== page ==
By Phillip Whitten
FUKUOKA, Japan, July 25. THIS is our preview of the events to be contested tomorrow, Thursday, July 26, at the World Championships in Fukuoka.
Five finals are being contested with three featuring races that leave it difficult to divine the winner. Still, that's the purpose of this daily preview, so we're going to brave some very tricky waters.
Men's 100 meter Butterfly
Australia's Michael Klim should be the favorite – he's the WR-holder, the defending world champion, and he's thirsting for revenge after being upset by Sweden's Lars Frolander in Sydney last year. But despite Aussie assurances that Klim is recovered from his ankle accident, he appears to be only at about 95% strength. In a field like this, that will be fatal for the guy his teammates call "Lumpy."
Unfortunately, we think Lumpy will take his lumps again this year. And, once again, the deliverer of those lumps will be the quiet Swede, Frolander, who has looked strong and controlled in prelims and semis.
The USA's Ian Crocker has been steadily advancing to the front ranks of the world's flyers, and he's ready to challenge Fro, and almost certainly lower the American record he set last year in Sydney when he placed fourth.
Thqe bronze will go to Klim's Aussie teammate, Geoff Huegill, with Klim a close fourth.
1. Lars Frolander (SWE)
2. Ian Crocker (USA)
3. Geoff Huegill (AUS)
Could take any medal: Michael Klim (AUS)
Men's 200 meter Breaststroke
Before this meet began, we would have picked the USA's Ed Moses to win and, perhaps, break Mike Barrowman's nine year-old WR. Not anymore. For whatever reason, Moses's supreme confidence seems frayed and his ability to come home strong the final lap appears lost.
The American who has looked impressive is Univ. of Texas sophomore, Brendan Hansen, who broke Barrowman's 200 yard breaststroke mark at NCAAs. This is the deepest 200 breaststroke field ever assembled, but we're going to go out on a limb and predict an upset victory for the 19 year-old from Pennsylvania, though not in WR time.
The battle for the other two medals will feature Moses, Olympic champ Domenico Fioravanti of Italy, Austria's surprising Maxim Prodoprigora, who leads through the first two rounds, and Japan's fast-improving Kotsuke Kitajima, who was fourth in the 100.
Fioravanti was on the rubber pasta circuit a bit too much this year, which showed in the 100. It'll show more in the 200.
We like the Japanese teenager for second, with the fast-rising Austrian sticking his hand on the wall for third. The Aussie, Regan Harrison, probably can't improve on his 2:12 from semis.
1. Brendan Hansen (USA)
2. Kotsuke Kitajima (JPN)
3. Maxim Prodoprigora (AUT)
Could sneak in there: Ed Moses (USA), Domenico Fioravanti (ITA)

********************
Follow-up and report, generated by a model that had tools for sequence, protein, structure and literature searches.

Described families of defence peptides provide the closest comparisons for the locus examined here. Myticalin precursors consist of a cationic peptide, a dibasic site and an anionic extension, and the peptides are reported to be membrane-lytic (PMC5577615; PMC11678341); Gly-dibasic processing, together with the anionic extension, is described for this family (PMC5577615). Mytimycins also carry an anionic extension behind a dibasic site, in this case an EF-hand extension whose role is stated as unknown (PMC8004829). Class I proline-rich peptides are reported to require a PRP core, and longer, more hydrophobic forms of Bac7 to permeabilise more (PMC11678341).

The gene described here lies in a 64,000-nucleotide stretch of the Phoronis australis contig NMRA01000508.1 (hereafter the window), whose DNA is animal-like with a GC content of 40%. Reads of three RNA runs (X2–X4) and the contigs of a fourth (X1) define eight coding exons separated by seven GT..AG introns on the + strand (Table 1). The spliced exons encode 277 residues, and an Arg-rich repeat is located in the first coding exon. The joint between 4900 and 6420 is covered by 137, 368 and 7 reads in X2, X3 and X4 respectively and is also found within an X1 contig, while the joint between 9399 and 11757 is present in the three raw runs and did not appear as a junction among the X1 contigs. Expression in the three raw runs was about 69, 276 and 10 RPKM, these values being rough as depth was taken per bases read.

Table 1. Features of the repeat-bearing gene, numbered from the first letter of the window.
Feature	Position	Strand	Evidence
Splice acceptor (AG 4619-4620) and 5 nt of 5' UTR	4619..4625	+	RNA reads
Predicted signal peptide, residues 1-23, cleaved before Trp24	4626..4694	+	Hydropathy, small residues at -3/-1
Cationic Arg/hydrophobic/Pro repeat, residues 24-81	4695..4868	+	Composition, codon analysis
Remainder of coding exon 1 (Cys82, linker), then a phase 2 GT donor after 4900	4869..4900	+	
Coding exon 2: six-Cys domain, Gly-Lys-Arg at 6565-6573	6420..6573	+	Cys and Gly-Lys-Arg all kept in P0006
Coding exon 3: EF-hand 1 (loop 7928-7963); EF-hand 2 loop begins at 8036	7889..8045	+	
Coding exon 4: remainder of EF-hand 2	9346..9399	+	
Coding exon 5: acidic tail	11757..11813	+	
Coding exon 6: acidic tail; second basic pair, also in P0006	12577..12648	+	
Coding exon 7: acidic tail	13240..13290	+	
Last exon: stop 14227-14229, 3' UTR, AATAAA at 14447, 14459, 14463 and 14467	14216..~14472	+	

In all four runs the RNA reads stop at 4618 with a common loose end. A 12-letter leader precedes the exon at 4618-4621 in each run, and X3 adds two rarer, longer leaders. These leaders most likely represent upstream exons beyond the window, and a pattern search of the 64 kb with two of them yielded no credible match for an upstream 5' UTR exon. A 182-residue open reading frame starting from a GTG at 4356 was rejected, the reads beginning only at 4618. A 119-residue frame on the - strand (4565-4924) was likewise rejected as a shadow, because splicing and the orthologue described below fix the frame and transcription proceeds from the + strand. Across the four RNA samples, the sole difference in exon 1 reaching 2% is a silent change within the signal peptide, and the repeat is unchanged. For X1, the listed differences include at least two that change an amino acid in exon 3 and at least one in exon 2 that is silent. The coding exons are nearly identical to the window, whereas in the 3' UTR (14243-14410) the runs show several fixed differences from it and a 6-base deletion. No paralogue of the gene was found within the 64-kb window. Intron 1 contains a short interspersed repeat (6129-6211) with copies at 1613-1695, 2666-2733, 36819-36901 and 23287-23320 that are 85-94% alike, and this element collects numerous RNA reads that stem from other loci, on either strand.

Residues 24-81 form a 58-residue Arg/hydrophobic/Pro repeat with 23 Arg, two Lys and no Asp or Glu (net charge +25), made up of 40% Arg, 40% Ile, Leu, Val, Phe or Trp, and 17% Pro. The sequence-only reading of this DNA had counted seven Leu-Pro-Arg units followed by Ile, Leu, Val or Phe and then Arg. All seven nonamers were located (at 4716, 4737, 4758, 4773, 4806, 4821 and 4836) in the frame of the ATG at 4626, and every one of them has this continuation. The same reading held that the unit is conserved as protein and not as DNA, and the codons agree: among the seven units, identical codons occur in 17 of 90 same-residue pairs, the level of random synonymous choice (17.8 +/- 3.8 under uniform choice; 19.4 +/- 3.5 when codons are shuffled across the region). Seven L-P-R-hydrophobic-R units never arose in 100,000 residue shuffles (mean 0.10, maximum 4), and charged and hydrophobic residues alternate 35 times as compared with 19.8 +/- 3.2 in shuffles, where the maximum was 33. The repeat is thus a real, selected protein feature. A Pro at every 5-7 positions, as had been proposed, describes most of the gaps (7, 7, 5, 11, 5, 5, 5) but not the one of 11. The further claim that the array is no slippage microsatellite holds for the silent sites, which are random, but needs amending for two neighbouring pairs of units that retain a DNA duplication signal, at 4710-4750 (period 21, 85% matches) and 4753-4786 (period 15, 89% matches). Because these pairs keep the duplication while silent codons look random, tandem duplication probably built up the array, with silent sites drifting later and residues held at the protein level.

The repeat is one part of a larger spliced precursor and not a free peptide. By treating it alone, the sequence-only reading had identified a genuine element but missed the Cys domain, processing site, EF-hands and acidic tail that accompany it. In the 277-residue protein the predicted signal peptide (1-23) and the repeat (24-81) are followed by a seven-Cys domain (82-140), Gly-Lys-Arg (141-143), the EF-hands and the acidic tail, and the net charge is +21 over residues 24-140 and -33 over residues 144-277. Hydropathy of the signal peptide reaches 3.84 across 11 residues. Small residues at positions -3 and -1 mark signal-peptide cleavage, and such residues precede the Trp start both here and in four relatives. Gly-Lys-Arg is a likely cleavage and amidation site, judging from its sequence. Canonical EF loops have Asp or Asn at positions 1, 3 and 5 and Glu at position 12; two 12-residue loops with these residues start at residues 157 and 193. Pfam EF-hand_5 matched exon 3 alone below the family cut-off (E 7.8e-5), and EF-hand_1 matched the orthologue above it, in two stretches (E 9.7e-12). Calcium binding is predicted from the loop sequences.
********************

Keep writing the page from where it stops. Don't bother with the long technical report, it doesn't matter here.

Women's 50 meter Butterfly
This is the easiest race to pick, though I write those words with some trepidation as anything can happen over a one-lap sprint.
Still, I have to go with Inky De Bruijn of Holland, the WR-holder, to win. Sweden's Therese Alshammar will push her, but wind up second. Third has to go to Sweden's Anna-Karin Kammerling.
No one else in the field has a reasonable chance of medaling.
1. Inge De Bruijn (NED)
2. Therese Alshammar (SWE)
3. Anna-Karin Kammerling (SWE)
Long shot: Natalie Coughlin (USA)
Women's 200 meter Backstroke
One of the pre-meet favorites, Spain's Nina Zhivanevskaya, mysteriously didn't even come close to making the semis, opening up this event even more than it already was.
The choice for gold is easy: the Olympic champ, Diana Mocanu, from Romania, who turned 17 last week. After that, it's anybody's guess.
We're going to go with Britain's fast-improving Joanna Fargus for second and German veteran Antje Buschschulte, a perennial fourth-place finisher, to step up for third. The dark horse in this race is Russia's 14 year-old Stanislava Komarova, who may be the Beth Botsford of 2001. The USA was shut out of the finals.
1. Diana Mocanu (ROM)
2. Joanna Fargus (GBR)
3. Antje Buschschulte (GER)
Could easily sneak in: Stanislava Komarova (RUS)
Men's 200 meter Individual Medley
This race features a combination of the old and the new, swimming superpowers and swimming pipsqueaks. The Olympic champ and the unknown kid from Trinidad.
The sentimental fav is George Bovell of the Caribbean island nation of Trinidad and Tobago, who led the field in prelims. He's our fav too, but he's unlikely to beat out the grizzled veterans in this field this year. Next time around, he could be The Man.
We have to go with Olympic champion, Massi Rosolino – he of the sky-high hGH levels – though he shouldn't challenge the Olympic record he set last year. The only guy who can give Roso a real race is the USA's gutsy Tom Wilkens. But Wilkens doesn't have the raw speed he'll need to turn the trick.
We're going to indulge our feminine side here and pick Bovell for the bronze, but it's more likely he'll fade to fourth or fifth.
1. Massi Rosolino (ITA)
2. Tom Wilkens (USA)
3. George Bovell (TRI)
Could medal: Justin Norris (AUS)